Labrador Retriever

...the big boisterous puppy...even as an adult!

Labradors are large, short haired dogs which are one of the most popular breeds world wide. They live for ten to thirteen years which is normal for such a big dog. They are intelligent and are often trained as assistant dogs for the blind and people with other disabilities. Their strong sense of smell also makes them ideal for Police work.

They are great with children and the elderly, being equally tolerant of probing baby fingers and long hours sitting patiently beside a sedentary owner.

However, they are bred to retrieve, so they love active owners who will play fetch with them and they adore toys, often having favourite cuddly toys which they like to carry around with them.

On the downside, they are eating machines incapable of turning down food and thus they are prone to becoming overweight. The commonest health problem with Labradors is hip dysplasia and this is aggravated by being overweight. They need owners who will keep them on a strict diet and not give in to 'treats and titbits'. Moderate exercise will also keep their weight down and even owners with limited mobility can exercise these dogs by regularly engaging them in fetch games. For more energetic owners, they can be run for up to two hours a day. The best exercise, however, is probably swimming. They are excellent swimmers, aided by web-like paws, so regular trips to the beach will make for a very happy Labrador.

Labradors like to be inside with you as part of the family but will happily sleep outside in a kennel. They are not usually d'iggers' so your backyard is safe from constant potholes. They have no interest in burying their bones - remember they are eating machines which will never save for later what they can eat now.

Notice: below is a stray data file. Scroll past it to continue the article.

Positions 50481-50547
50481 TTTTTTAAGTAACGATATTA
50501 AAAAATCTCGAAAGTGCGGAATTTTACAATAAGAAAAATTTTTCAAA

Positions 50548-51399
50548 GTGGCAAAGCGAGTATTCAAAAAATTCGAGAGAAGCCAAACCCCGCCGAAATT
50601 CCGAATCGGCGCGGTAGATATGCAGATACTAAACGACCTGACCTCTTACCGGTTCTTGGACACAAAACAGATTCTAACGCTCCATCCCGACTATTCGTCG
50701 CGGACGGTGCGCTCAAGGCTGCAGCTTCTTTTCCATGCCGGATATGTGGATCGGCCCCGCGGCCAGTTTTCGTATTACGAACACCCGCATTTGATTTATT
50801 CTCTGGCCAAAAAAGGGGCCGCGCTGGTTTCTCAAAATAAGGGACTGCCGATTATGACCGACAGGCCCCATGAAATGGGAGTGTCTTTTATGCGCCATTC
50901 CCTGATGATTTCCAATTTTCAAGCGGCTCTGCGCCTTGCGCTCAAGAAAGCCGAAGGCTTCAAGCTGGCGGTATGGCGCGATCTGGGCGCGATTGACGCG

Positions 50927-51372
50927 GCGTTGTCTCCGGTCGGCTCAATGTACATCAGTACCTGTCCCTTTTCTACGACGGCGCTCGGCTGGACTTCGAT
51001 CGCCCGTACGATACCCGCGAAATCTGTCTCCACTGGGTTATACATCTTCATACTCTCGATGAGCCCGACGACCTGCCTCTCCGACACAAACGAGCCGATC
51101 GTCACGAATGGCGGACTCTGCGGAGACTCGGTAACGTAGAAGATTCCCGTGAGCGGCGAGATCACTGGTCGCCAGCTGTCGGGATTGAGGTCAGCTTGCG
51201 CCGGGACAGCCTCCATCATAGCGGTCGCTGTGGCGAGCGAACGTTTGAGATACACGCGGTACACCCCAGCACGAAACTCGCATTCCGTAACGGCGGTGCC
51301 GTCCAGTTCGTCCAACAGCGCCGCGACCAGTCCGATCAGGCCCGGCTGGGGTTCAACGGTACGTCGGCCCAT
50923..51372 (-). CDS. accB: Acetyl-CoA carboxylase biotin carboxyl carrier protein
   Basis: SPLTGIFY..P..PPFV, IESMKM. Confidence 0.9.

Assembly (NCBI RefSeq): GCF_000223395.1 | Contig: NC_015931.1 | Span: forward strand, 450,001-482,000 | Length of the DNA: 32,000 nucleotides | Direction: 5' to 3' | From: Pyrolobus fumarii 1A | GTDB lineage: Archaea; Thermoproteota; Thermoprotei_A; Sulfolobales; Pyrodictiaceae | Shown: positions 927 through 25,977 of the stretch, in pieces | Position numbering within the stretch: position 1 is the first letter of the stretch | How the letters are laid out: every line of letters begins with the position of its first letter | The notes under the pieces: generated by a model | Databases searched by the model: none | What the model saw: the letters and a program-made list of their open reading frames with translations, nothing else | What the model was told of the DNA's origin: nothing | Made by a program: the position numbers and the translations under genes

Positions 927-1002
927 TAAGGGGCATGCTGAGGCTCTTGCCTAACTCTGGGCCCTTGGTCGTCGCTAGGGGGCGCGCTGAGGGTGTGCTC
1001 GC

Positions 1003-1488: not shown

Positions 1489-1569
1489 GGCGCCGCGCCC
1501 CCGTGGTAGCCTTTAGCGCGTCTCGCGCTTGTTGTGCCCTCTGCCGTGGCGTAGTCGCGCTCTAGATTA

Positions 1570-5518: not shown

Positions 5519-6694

With big, throaty barks, they will let you know if visitors arrive, but these are not watchdogs. They are most likely to lick an intruder and offer a soft toy.

Unlike some sleek, streamlined breeds, Labradors tend to lumber along, with large sweeping movements of their tails when excited. Ornaments on low tables and ledges should be avoided because the chances are the wagging tail of 'hello' will send your candlesticks flying across your room and knock your coffee onto your lap.

You also need to consider if there is enough space outside for your Labrador to toilet away from its play area and water bowl. Labradors will do large bowel movements several times a day so some yard space is important, as is regular clean up.

Labradors are immature for about the first three years (a third of their life) and as such, often behave like big boisterous children. They need consistent early training to ensure acceptable behaviour.

Their mouths are soft (they can carry an egg in their mouth without breaking it). Nevertheless, they are renowned chewers so don't expect your cushions to be safe while they are in their puppy stage.

<ul> <li>Large dog</li> <li>Very intelligent</li> <li>Great companion</li> <li>Regular exercise needed</li> <li>Lengthy puppyhood</li> <li>Needs strict diet control</li> </ul>